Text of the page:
Covaxin’s IP rights shared between ICMR and Bharat Biotech, says research body chief

May 4, 2021 0 Comments



The intellectual property rights for the use of Bharat Biotech’s indigenous vaccine, Covaxin, was shared between the drug manufacturer and the Indian Council of Medical Research, with both entities gaining the royalty payments, reported The Hindu.

“The Public-Private Partnership was executed under a formal Memorandum of Understanding (MoU) between the ICMR and the BBIL [Bharat Biotech International Limited] which includes a royalty clause for the ICMR on net sales and other clauses like prioritisation of in-country supplies,” ICMR Director-General Balram Bhargava told The Hindu in an email conversation.

“The product IP [intellectual property] is shared,” he added. “It is also agreed that the name of ICMR-National Institute of Virology (NIV) will be printed on the vaccine boxes. The same is being done now.”

Bhargava, however, did not comment on how much money was spent on this.

The ICMR and Bharat Biotech’s partnership involves 12 activities. The Bharat Biotech funds five of these, including candidate vaccine development, phase one and two clinical trials, recruiting Clinical Research Organisation for trial monitoring, preclinical safety and toxicity studies in small animals, among other activities.

The medical research agency funds isolation of the SARS-CoV-2 virus from a large number of samples, passage testing and confirmation, electron microscopy, next generation sequencing and others.


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Whose intellectual property is Bharat Biotech’s publicly funded Covaxin? India deserves an answer


On April 21, Bharat Biotech announced that Covaxin showed an overall efficacy 78%, according to an interim analysis of its third phase of clinical trials. This was slightly lower than the 81% efficacy that the company reported in March.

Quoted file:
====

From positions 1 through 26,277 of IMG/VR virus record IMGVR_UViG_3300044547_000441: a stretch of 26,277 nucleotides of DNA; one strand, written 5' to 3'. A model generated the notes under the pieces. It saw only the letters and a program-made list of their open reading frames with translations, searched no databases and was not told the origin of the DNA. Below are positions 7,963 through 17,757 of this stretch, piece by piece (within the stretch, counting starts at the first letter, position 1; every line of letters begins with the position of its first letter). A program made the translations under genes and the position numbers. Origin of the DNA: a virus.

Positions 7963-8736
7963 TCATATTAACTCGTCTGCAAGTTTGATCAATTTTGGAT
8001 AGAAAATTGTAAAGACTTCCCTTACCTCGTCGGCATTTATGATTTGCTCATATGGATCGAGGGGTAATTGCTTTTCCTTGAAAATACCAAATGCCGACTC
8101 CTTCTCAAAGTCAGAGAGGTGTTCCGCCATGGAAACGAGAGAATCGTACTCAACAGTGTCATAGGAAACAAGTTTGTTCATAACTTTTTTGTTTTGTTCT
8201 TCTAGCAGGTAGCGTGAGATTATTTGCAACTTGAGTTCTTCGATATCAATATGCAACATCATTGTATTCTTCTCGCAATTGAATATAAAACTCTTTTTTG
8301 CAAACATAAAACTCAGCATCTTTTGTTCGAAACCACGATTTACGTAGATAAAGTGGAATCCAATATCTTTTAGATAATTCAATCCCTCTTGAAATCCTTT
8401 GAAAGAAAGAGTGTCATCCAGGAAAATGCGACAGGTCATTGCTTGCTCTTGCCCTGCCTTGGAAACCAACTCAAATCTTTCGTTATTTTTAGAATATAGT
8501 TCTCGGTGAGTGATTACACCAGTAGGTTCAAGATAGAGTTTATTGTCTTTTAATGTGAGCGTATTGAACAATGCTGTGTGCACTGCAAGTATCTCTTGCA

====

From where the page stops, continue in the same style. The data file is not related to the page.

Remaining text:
Under India’s inoculation programme, which began on January 16, the country has been using two vaccines – Serum Institute’s Covishield and Bharat Biotech’s Covaxin.

The Serum Institute is the local maker of the Covid-19 vaccine developed by Oxford University and pharmaceutical company AstraZeneca. The vaccine manufacturer is among multiple companies in the world with a licence to produce it. The Serum Institute pays 50% royalty to the British-Swedish company.

AstraZeneca had in March announced that its coronavirus vaccine showed 76% efficacy in the primary analysis of its phase three trials. The company had then said it was 100% effective against cases of severe or critical disease and hospitalisation. In case of symptomatic patients above the age of 65, who took part in the trials, the company revised the vaccine’s efficacy to 85%, from the earlier stated 80%.

Over 90% of India’s vaccine supply is comprised of Covishield. The Indian government on Monday refuted reports that claimed that it has not placed any new order for coronavirus vaccines despite the devastating second wave of the pandemic. It called such reports “incorrect and not based on facts”.

On April 19, the Union health ministry announced that vaccine manufacturers would have to allot 50% of the doses produced to the Centre and sell the remaining 50% to state governments and private organisations in the open market. The decision was part of the new vaccination policy under which all adults will be eligible for the shots from May 1.

The two companies declared prices of their respective vaccines after this. Initially, the Serum Institute of India chief announced that the Covishield vaccine will be sold to states at Rs 400 per shot and at Rs 600 per dose to private hospitals. Bharat Biotech set the price of its Covaxin shot at Rs 600 per jab for state governments and Rs 1,200 for private hospitals. Both vaccines would be priced at Rs 150 per dose for the central government.

But, after objections from various quarters, Bharat Biotech reduced the price of Covaxin for state governments to Rs 400 per dose and Serum Institute of India reduced Covishield’s rate to Rs 300 per dose for states.

State governments have raised objections against differential pricing of vaccines and on having to procure the shots at open market prices to inoculate those in the age group of 18-45. But the Centre has dismissed these arguments as patently false.



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